I’m Dr. Jen Nash, I’m a Clinical Psychologist and was diagnosed with type 1 diabetes at 6 years of age. I thought I’d drop you a note to say hi and tell you a bit about me. I bet you’re thinking, ‘Oh she’s a psychologist, she must have it all figured out” – right?! I wish!! I’m just like you.
Over the years I have experienced a whole range of emotional experiences associated with living with a chronic health problem – frustration, depression, denial, worry about long term complications, fear of hypoglycaemia, shame and fear about being different, denial, embarrassment and on and on.
Each of these, in their own way, negatively impacted on my ability to care for my diabetes to the best of my ability. None of these were things that I felt able to discuss with my health care team, as committed and dedicated as I know they were. I felt incredibly alone, and simply buried my head in the sand and thought “I’m fine now…I’ll think about this on another day”. But of course, like most things that we put off until tomorrow, that day was a long time coming.
But thankfully that day did come, soon after I qualified as a Clinical Psychologist. I realised that there are actually some very simple, practical, pragmatic tools that could have helped my psychological wellbeing if I’d have known about them. These weren’t particularly new or groundbreaking ideas, but the potential impact they could have on my life and my health, both physical and psychological – would be.
So I started putting them to use in my own way. Some of them worked brilliantly, others not so well, some took time to learn and implement, others I could make use of and see the result straight away. I was excited about this. I wanted to share these ideas with others. But I didn’t know one other person with diabetes! Incredible, isn’t it?! I’d shut myself away for so long, trying to do it all by myself and pretending it wasn’t really such a big deal anyway, that I was completely isolated with it all. I decided this information was too good to keep to myself. I realised that although there were a tiny handful of Clinical Psychologists and Nurses out there helping those with diabetes with more extreme distress, there was no one out there addressing the psychological needs of those everyday people with diabetes in a systematic way. So I decided to do something about this.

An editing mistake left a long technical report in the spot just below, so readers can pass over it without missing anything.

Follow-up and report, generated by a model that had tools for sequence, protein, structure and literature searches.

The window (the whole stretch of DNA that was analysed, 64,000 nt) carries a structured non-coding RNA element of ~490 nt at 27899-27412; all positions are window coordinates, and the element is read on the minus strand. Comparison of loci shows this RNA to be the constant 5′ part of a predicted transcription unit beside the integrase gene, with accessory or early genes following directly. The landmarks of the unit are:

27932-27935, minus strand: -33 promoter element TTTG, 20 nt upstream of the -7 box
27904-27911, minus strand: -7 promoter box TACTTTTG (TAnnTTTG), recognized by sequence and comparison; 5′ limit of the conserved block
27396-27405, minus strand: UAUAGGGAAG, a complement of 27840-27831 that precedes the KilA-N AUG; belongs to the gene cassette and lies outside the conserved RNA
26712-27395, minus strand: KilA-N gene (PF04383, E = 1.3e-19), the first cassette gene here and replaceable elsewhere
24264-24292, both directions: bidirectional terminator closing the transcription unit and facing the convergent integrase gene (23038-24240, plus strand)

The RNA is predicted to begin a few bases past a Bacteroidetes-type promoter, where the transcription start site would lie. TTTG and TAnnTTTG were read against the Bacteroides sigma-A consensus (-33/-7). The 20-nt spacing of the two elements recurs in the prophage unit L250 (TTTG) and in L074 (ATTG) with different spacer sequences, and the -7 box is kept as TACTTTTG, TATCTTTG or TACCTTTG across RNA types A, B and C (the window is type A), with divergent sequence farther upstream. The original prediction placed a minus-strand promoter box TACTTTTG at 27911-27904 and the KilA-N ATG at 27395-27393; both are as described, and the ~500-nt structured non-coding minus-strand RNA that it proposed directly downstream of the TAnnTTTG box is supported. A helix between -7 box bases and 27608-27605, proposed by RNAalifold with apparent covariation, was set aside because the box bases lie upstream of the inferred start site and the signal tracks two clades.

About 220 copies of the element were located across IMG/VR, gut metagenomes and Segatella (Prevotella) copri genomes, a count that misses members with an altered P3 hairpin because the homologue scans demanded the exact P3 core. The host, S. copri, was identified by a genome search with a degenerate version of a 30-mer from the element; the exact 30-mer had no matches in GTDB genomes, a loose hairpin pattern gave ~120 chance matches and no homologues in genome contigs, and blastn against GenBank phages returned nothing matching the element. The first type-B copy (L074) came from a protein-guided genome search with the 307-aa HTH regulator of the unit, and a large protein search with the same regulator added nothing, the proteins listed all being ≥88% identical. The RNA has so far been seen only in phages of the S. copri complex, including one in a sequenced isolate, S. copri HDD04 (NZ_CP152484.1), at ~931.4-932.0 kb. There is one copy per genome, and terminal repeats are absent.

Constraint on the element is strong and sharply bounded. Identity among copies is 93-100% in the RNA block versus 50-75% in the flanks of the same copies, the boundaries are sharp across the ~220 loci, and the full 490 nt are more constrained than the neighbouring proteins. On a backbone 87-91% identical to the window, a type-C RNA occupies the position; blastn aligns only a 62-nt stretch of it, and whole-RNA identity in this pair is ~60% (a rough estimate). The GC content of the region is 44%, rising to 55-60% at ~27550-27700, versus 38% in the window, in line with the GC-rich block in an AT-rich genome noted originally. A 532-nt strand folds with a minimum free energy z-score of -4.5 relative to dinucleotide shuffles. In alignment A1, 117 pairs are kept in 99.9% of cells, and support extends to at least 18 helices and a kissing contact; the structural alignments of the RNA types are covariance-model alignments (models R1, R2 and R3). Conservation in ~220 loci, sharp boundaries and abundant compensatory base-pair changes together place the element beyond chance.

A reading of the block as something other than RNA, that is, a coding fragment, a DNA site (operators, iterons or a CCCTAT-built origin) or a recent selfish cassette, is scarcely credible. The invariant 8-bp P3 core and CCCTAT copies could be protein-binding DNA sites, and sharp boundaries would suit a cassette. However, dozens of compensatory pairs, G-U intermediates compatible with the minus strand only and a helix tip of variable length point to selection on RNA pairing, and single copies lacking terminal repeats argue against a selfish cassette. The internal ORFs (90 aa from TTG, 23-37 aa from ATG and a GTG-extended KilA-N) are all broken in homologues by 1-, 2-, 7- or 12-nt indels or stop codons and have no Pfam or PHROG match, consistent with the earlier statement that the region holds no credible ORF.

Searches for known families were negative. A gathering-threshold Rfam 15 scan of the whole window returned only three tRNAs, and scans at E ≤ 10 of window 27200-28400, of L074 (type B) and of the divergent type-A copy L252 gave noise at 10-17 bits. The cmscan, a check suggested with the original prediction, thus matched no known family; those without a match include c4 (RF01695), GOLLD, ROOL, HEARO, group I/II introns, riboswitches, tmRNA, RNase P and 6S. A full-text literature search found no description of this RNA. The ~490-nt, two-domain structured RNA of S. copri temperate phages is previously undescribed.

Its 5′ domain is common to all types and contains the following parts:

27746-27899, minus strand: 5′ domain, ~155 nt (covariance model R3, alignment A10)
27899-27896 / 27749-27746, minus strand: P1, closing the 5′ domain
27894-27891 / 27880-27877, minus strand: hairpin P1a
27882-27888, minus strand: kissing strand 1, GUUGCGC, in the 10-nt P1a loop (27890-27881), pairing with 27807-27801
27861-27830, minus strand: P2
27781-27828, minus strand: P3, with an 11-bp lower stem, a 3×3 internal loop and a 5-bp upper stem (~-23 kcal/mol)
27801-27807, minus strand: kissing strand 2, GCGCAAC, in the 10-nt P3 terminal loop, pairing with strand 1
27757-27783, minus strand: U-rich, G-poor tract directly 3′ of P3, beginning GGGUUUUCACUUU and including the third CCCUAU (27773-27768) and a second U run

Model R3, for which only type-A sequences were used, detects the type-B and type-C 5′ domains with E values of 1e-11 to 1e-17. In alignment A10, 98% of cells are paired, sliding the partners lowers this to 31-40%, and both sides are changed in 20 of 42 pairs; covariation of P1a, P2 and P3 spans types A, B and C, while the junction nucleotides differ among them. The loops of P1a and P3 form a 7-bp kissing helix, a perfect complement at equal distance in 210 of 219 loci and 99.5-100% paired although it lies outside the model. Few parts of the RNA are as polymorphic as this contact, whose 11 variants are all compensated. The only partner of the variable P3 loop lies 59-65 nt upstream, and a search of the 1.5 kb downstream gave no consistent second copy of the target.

I set up Positive Diabetes with the aim to: “Provide those living with diabetes with the knowledge and information they need to bring about positive improvements in their psychological life’.
I’m so pleased that you’ve found my blog and will have the opportunity to learn more about the psychological impact of diabetes and how to overcome it – whether you have type 1 or type 2. I will be sharing some proven and well-researched strategies that you can put to use straight away, and start feeling more in control of your diabetes and your life.
‘See’ you soon!